Other than the lack of a front motor for handling in rough or slippery terrain, or having a faster 0-60, the Long Range RWD is a fantastic option for most people.

It’s worth noting that only the Long Range AWD model can unlock Tesla’s Acceleration Boost, which increases power and reduces the vehicle’s 0-60 times by about half a second.

Model

Price

Price After Rebate

0-60 MPH

Range

Model 3 RWD

$38,990

-

5.8s

272mi

Model 3 LR RWD

$42,490

$34,990

4.9s

363mi

Model 3 LR AWD

$47,490

$39,990

4.2s

341mi

Model 3 Performance

$54,990

$47,490

2.9s

303mi

Availability

For now, the Model 3 Long Range RWD model is only available in the United States, with no availability in Canada.

Tesla FSD V12.5 to Combine City and Highway Stacks, Introduce Vehicle-to-Fleet Communication and More

By Karan Singh
Not a Tesla App

As FSD V12.4.3 continues to get released to more vehicles, Elon Musk has posted that FSD V12.5 is already in testing and will include several key features.

The improvements in v12.5 are supposed to focus on rarer, more complex situations and vehicle-to-fleet communication. Tesla’s Autopilot lead, Ashok Elluswamy, also mentioned that FSD would gain the ability to go in reverse around this time.

Merge City & Highway Stacks

FSD v12 has been a multi-stack setup so far, with a city-streets stack that is end-to-end, and an older highway stack that was carried over from v11. FSD v12.5 will once again merge the city/highway stacks according to Musk, who confirmed the feature yesterday. That means that there will no longer be an implicit highway stack.

This could cause some regressions during highway driving, similar to the ones we experienced when Tesla first merged highway and city stacks back in FSD v11. Ultimately, when the issues were ironed out, we ended up with a smoother and better Autopilot experience on the highway. When FSD v12.5 rolls around, we may see some similar issues but expect FSD v12.5 to do to highways what v12 did for city driving.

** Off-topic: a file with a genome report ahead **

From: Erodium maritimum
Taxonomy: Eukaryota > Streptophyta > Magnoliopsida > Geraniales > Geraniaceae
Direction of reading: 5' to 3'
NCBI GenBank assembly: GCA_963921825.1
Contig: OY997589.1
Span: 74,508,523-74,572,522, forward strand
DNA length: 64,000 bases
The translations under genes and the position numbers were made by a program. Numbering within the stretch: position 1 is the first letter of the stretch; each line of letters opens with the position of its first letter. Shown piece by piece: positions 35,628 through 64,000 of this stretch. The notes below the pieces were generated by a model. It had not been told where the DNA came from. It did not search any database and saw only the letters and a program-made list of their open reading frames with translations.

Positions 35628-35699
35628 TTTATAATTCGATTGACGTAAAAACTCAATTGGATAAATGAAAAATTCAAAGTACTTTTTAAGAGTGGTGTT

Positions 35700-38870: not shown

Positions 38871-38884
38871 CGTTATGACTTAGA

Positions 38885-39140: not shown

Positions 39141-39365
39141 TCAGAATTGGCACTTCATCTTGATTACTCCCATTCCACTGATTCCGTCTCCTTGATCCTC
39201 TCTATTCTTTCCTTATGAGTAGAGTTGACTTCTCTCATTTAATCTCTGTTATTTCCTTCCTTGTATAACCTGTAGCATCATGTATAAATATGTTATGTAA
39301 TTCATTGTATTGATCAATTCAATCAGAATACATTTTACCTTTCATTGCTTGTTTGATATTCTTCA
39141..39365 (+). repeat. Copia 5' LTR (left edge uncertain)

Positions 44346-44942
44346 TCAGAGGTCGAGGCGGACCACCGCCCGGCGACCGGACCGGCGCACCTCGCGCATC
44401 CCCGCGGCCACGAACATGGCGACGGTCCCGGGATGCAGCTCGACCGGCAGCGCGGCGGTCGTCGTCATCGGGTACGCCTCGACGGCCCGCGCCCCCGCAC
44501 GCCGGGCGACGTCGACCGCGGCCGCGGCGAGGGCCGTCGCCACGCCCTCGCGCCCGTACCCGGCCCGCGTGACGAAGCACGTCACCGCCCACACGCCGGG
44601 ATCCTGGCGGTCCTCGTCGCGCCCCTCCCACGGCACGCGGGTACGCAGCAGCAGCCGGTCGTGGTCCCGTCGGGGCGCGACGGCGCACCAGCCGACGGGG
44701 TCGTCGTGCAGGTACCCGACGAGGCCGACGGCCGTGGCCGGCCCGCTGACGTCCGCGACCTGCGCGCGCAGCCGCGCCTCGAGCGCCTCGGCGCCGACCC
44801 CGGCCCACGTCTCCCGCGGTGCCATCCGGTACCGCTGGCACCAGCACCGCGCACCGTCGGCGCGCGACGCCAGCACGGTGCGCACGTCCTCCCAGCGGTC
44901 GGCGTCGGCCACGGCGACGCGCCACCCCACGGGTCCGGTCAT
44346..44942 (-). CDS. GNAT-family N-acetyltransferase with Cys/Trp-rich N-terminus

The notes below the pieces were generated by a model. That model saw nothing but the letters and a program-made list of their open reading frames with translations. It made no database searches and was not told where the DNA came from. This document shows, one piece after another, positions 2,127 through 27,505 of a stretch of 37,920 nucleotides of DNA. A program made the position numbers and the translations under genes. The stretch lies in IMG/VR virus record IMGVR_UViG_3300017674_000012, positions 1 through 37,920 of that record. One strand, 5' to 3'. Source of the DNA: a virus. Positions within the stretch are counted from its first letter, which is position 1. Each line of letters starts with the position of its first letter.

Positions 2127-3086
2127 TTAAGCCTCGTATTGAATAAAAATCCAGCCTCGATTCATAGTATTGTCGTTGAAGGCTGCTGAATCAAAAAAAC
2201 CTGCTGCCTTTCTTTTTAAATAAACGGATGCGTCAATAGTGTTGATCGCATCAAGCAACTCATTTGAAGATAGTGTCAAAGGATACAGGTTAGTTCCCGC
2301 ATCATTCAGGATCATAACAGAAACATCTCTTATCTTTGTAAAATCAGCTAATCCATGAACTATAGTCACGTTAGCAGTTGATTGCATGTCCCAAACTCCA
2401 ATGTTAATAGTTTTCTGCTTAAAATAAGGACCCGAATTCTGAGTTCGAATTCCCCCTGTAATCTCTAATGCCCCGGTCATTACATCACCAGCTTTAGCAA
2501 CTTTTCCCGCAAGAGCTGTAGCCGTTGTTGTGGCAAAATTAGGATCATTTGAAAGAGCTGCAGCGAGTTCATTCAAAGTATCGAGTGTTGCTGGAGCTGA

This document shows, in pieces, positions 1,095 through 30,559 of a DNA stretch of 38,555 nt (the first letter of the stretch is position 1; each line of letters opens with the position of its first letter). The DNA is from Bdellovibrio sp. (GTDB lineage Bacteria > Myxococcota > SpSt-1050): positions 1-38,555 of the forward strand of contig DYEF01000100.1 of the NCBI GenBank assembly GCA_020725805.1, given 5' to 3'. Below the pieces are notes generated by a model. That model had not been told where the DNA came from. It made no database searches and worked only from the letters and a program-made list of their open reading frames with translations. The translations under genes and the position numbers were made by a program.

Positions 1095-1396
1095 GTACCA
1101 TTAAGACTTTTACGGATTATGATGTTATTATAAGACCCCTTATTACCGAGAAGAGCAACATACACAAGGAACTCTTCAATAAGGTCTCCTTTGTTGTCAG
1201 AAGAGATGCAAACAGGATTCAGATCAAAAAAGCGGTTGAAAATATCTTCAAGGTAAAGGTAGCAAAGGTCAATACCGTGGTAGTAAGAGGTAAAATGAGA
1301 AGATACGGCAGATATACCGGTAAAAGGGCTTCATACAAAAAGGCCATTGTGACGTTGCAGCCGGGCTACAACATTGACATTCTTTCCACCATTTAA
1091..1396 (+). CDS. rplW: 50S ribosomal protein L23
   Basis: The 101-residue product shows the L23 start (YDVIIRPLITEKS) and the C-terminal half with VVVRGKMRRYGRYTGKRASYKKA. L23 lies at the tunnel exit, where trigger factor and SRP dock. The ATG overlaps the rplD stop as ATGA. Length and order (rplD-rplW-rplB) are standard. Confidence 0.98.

Vehicle-to-Fleet Communications

Tesla’s FSD relies heavily upon maps, with the mapping information designating routing and lane changes. When vehicles encounter difficulties, they are unable to communicate that back to the rest of the fleet. This results in every vehicle encountering the same problem. With FSD V12.5, vehicles will be able to communicate road closures or other obstacles back to the rest of the fleet in real-time. This will turn FSD into software that’s constantly improving as the fleet gathers more data, instead of having to wait for a software update.

Cybertruck Finally Gets FSD

In a recent post on X, Musk also confirmed that V12.5 will finally bring FSD to the Cybertruck. Currently, all Cybertrucks only have access to Traffic Aware Cruise Control (TACC). Autopilot and FSD capabilities should arrive alongside all the other features.

Actually Smart Summon

Musk has talked quite a bit about Actually Smart Summon. With FSD 12.5, the new vision-based summon may finally be released. This will introduce Smart Summon capabilities to vision-only cars for the first time. However, it’s expected to be a drastic improvement for all vehicles in similar ways to the new Autopark. The new summon has been tied to the ability to move the vehicle in reverse by Tesla’s Autopilot lead, so expect either both of them to arrive in FSD 12.5, or be held off for a later release.

Release Date

Musk originally mentioned that FSD V12.5 would be released in late June, however, there were several delays with FSD 12.4 and that time frame has now come and gone. FSD 12.4 was initially released in May 2024, but it went through several lengthy revisions before it was introduced to public testers. Going by that time frame, it appears that FSD 12.5 was expected to be released about 4-6 weeks after FSD 12.4. If FSD 12.4.3 is finally got a good spot, we could see FSD 12.5 become available in the next 4-6 weeks or about late August.